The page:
Family enjoying independence day celebration oblivious to the risk of hearing loss from fireworks.

Summer is cool because you can fill your schedule with parties and plans. It’s almost Independence Day and nearly everybody you know will be outside enjoying. Parades, marching bands, and live music are often part of the good times, and don’t forget fireworks! When going out to celebrate this summer, don’t pass up on the good times, just take a second to consider how you should take care of your hearing.

Noise-induced hearing loss has an effect on around 6 percent of the U.S. adult populace below the age of 70; that equals around 40 million people. The sad part is this type of hearing damage is virtually 100 percent preventable. What’s necessary is a little forethought and good sense. Take into consideration some reasons you really should protect your ears as you celebrate this season and how to do it.

At the top of the List of Hearing risks are Booming Fireworks.

At the top of the list of potential dangers associated with fireworks, hearing damage is at the top. Experts frequently warn people about burns or fires, but usually don’t say much about hearing damage.

Boys Town National Research Hospital states you’re at risk of hearing loss from fireworks regardless if you’re shooting them off yourself or watching them at a public show. After all, any sound over 85 decibels is capable of causing noise-related damage with extensive exposure. 150 to 175 decibels is the typical range of fireworks. Even though adults may tolerate up to 140 decibels for a short time, children can only deal with short periods at 120 decibels. This is according to the World Health Association. Fireworks are commonly louder than both those numbers.

The good news? The further away you are away from the explosion, the lower your risk of hearing damage. People watching, for example, from their porch, would be less at risk than someone in the stands where the fireworks show is happening. Boys Town recommends you stand at least 30 yards away if you are an adult. Babies should not be there and children should be at least 70 yards away.

Because You Love Live Music

Who doesn’t? Summer is the greatest time for some of the best musicians come out to play. The World Health Association states that a billion teens are at risk for hearing loss from music whether it is coming from ear-buds, a parade or a favorite band playing on stage.

Any person exposed to loud music faces the same possible consequence, but time is a factor when it comes to live music. Live shows are usually louder than 100 decibels which becomes dangerous after only 15 minutes. Almost all concerts are longer than that!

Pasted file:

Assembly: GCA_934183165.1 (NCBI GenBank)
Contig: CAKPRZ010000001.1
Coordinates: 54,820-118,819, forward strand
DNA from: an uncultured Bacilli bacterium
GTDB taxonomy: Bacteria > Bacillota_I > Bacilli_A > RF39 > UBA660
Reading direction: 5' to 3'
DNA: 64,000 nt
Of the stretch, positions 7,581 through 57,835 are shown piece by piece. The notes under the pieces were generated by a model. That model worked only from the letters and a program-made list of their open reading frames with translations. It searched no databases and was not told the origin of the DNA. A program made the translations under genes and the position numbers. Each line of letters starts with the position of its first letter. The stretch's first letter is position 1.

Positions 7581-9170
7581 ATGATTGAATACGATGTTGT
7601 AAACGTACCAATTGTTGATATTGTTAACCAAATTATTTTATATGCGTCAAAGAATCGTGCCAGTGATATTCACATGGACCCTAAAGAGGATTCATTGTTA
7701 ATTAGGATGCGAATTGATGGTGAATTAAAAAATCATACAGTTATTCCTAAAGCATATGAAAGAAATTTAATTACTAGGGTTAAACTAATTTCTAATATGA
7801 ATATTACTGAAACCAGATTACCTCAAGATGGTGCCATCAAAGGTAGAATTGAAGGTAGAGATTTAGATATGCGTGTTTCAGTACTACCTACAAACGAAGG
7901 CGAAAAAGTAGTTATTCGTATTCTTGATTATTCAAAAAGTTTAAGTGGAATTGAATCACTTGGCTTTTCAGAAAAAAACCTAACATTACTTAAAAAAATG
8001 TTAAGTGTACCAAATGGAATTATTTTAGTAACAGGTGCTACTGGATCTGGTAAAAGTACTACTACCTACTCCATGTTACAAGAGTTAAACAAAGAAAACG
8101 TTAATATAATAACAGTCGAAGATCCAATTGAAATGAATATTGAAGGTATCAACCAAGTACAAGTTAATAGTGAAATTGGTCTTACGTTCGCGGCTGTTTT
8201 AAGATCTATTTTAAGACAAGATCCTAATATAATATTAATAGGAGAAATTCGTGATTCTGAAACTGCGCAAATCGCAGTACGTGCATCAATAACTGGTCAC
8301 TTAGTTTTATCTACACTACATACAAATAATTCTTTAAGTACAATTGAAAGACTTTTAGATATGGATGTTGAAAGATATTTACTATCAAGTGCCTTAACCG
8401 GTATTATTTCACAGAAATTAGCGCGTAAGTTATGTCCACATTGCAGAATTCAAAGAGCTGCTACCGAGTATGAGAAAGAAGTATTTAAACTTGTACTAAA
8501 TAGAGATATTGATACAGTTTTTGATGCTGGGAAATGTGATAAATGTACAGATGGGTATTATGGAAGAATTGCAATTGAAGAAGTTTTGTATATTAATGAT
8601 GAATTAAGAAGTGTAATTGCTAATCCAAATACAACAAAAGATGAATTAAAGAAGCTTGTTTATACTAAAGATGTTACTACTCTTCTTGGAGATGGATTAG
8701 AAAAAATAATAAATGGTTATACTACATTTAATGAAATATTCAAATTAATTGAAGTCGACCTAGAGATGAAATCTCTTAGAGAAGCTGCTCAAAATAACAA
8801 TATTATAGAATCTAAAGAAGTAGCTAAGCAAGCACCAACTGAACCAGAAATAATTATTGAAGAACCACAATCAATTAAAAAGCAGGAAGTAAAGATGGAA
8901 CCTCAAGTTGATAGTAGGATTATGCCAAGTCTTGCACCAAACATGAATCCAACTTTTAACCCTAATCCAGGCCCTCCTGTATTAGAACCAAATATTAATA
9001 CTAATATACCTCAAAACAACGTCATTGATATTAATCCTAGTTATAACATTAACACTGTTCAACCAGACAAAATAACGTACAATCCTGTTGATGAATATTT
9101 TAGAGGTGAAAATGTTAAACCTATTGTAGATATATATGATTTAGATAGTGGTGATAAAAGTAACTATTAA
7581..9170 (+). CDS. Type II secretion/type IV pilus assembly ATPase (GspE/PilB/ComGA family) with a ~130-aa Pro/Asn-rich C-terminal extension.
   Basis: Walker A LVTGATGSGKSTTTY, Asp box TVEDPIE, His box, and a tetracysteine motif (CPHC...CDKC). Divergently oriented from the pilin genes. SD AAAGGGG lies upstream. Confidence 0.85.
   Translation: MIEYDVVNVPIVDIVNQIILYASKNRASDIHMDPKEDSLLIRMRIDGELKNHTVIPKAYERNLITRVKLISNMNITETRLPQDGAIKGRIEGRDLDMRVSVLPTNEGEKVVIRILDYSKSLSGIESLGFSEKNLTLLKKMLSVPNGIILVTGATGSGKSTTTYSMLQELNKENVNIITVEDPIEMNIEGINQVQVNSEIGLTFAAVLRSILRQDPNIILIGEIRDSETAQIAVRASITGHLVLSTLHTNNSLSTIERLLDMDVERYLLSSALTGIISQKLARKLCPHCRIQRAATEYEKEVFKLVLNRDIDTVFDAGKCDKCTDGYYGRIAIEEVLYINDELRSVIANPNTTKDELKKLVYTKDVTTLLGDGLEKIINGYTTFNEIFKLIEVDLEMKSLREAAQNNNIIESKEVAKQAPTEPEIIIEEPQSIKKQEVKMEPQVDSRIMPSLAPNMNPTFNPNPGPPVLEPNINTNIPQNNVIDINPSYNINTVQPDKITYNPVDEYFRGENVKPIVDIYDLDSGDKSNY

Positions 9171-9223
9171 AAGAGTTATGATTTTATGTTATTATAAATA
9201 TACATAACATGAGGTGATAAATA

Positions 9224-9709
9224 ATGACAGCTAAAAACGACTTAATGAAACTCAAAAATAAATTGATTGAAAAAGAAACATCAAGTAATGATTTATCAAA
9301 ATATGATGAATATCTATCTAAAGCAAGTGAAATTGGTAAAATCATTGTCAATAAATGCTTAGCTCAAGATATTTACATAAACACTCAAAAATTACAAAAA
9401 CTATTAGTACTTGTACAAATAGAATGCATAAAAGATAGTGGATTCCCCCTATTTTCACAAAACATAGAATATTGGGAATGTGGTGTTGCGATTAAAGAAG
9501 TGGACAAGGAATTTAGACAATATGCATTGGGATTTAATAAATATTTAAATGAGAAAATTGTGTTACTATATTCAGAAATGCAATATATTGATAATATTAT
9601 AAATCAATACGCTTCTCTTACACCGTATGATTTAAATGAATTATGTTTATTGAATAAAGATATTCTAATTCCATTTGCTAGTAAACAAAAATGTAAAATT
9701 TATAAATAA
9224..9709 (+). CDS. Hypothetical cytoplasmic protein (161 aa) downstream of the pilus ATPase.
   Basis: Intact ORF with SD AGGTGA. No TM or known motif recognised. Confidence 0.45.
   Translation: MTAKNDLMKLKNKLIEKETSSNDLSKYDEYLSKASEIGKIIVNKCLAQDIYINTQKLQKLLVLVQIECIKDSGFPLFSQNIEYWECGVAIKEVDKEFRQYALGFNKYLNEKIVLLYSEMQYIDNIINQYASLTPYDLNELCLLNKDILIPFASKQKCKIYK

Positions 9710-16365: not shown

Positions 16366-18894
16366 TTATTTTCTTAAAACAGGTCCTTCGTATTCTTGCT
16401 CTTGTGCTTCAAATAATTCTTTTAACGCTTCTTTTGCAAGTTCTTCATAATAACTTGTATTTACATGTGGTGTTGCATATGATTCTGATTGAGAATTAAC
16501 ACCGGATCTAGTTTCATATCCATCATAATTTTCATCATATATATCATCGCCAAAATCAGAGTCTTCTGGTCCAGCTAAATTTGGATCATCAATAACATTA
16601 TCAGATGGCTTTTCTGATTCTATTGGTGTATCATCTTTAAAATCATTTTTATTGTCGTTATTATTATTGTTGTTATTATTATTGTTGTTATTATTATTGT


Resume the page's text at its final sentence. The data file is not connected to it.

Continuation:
Then There are the People

The most underestimated danger for hearing damage is crowd noise. When the crowd is into the celebration everyone is talking and yelling loudly. The American Speech-Language-Hearing Association claims that crowd noise at sports games ranges between 80 to 90 decibels. Unfortunately, it will probably be higher and more consistent at a celebration or parade.

Use Common Sense When Celebrating

How can you keep your ears protected? Even though you might not know it, its actually common sense. Start by assessing your hearing risk at the event:

  • Will there be loud music?
  • Large crowds?
  • Fireworks?

You can make some practical choices based on what you expect from the celebration. It is important to wear hearing protection if you are going to be around loud music, crowds, or fireworks. With something simple like foam earplugs, you can still hear what’s going on, but at a much safer level.

The family should be kept at a safe distance during a fireworks show. Fireworks can easily be enjoyed from a safe distance. Plan on watching from at least a block or two away. There will be fewer people back there, too, so you’ll be able to enjoy the show more comfortably.

The Sumer Season has Other Risks Besides Hearing Damage

There is more to talk about here than just sound. Celebrations bring with them hot sun, too much drink, too little water and fatigue. If you already have some hearing loss or if you suffer from tinnitus, these things will get worse.

Remember to celebrate in moderation. Maybe consider starting a bit later if you plan on partying into the night. If you’re planning on partaking of alcohol try moderation and don’t forget to drink plenty of water. Getting out of the heat for short periods is essential. Where is the nearest shade? Are you anywhere near a public building with air conditioning?

Don’t expose yourself to permanent hearing damage for a once a year celebration. You can take care of your ears and still have a great time. If you are worried that you may have already suffered hearing damage it is important to make an appointment with a hearing care specialist.

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